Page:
Hannah Richter (aka Mary Puppins) is a certified dog trainer and current instructor at Andrea Arden Dog Training in NYC. If you have something you want to ask Mary Puppins be sure to email us at [email protected]!
Dear Mary Puppins,
I would love some help with housetraining. I have been using wee wee pads with my Schnauzer puppy, Cherry. She has been amazing using the pads, but we would love for her to only go to the bathroom outdoors. She is now 14 weeks and can hold her bladder for about three hours at a time. We often find that when we take her out she doesn’t go and the second we come back inside, she has an accident.
We have been taking her outdoors every two hours and are staying out for thirty or forty minutes each time. How do we get her to understand that outside is the new potty spot? She is currently sleeping in a crate with the door open into a pen with pads. We have tried bringing the pads down (both clean and dirty), but it doesn’t seem to make a difference to her. She just finished up her vaccinations and is cleared to go outside which is exciting, but we can’t seem to get her to go when we take her out! Can you give us some tips to get Cherry to go potty outside?
Ready for the Outside World
Dear Ready for the Outside World,
I always remind my clients that have puppies who are reliant on the pads that it isn’t a bad thing. Your initial goal with your puppy was likely to make them love to use the pads and it sounds like you did a great job pad training Cherry! Her use of the pads also tells me that she is smart and is able to pick up on training quickly.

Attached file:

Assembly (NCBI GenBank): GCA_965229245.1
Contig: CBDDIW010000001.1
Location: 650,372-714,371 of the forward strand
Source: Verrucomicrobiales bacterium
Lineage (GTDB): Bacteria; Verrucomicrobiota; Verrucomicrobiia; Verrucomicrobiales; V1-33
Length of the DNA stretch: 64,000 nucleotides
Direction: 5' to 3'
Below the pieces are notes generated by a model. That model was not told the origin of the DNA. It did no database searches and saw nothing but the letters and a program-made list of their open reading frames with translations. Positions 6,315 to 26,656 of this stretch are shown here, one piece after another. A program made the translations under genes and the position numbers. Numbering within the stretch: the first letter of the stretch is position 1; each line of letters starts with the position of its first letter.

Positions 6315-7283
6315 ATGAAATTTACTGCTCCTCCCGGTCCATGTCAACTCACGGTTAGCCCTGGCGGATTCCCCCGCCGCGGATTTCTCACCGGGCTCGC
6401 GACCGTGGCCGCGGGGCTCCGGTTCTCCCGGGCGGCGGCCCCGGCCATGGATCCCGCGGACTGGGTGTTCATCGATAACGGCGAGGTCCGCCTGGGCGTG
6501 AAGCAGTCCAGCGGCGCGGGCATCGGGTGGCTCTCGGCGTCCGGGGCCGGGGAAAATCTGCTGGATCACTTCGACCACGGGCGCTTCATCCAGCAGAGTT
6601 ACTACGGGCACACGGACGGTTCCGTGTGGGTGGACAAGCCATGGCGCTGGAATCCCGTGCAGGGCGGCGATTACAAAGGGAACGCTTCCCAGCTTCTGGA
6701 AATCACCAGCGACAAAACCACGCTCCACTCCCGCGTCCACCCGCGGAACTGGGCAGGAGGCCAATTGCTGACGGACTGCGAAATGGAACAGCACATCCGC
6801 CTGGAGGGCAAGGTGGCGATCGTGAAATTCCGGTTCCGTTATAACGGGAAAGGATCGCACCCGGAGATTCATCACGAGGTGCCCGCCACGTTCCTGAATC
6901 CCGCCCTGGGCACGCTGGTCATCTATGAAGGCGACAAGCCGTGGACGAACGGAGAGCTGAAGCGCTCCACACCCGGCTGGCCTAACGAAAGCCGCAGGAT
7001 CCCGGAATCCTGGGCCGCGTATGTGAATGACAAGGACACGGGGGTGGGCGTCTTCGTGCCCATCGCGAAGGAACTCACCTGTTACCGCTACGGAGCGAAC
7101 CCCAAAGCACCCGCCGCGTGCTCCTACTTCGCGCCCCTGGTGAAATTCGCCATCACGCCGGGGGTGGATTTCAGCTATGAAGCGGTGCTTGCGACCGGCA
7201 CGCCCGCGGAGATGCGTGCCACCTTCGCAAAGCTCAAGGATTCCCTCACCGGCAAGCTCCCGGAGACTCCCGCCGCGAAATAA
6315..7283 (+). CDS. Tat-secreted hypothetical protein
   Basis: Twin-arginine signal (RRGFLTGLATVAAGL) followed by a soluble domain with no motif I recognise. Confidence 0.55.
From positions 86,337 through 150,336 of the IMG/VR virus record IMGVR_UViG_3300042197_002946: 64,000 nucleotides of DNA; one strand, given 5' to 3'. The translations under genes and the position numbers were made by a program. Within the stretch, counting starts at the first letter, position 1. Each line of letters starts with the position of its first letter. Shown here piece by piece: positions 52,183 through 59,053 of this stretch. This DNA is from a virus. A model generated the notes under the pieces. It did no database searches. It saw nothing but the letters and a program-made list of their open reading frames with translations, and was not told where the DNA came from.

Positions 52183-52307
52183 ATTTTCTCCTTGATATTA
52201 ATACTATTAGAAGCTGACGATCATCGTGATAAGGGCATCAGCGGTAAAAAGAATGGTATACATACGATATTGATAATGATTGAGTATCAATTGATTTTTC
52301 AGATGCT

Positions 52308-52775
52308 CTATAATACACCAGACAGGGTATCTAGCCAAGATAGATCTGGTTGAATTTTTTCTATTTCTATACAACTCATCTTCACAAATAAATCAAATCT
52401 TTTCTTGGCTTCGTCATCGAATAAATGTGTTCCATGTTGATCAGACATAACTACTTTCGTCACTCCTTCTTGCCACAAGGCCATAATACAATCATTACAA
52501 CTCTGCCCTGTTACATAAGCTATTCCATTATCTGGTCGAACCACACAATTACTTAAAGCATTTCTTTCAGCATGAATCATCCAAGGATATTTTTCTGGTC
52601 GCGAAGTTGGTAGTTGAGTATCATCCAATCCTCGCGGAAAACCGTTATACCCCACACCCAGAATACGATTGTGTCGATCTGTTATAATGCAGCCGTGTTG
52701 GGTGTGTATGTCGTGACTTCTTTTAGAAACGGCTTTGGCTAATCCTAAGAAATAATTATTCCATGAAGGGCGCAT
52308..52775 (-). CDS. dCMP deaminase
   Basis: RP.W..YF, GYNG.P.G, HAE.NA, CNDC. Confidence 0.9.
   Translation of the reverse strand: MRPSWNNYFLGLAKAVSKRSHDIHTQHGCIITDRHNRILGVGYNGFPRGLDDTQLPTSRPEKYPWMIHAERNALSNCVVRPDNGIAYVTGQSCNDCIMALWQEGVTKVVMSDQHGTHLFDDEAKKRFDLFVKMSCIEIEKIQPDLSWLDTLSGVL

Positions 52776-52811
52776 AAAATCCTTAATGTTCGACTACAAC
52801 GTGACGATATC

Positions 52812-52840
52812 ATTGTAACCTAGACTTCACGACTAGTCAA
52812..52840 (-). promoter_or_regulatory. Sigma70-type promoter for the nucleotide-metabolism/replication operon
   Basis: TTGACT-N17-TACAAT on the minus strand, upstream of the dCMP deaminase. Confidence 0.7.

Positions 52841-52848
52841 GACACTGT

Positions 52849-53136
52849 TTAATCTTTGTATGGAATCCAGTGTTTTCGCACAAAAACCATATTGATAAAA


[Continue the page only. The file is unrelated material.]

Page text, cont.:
If you don’t already monitor her water intake, I would start to offer water breaks instead of unlimited water. Put the water down for 30 minutes with meals and then give a bit of water at other times that she is thirsty. Now that Cherry is 14 weeks, she can likely hold her bladder for about 3 hours at a time during the day and 7-10 hours overnight.
I recommend closing the crate door overnight so that you can offer her an opportunity to go outside first thing in the morning. Get yourself ready first and then take her out and bring her outside. Pick a block or two and pace back and forth. This will allow her to understand that the rest of the walk begins after she goes potty. If she doesn’t go in the first 20 minutes, bring her inside and hold her or put her in the crate for 5 or 10 minutes and then try again.
Pick a very high value, novel treat to reward with outdoors. Throw a big puppy party with a ton of treats and praise when she goes outside. This will help to give her motivation to hold it until she gets outside. After she goes, write down the time that she went and then try again three hours later. Anytime she wakes up, runs around, or an hour or so after eating she is also likely to go. When she is going at least 25% of the time outside, take the pads away completely. I wish you the best in your potty training endeavors!
Throw a big puppy party with a ton of treats and praise when she goes outside!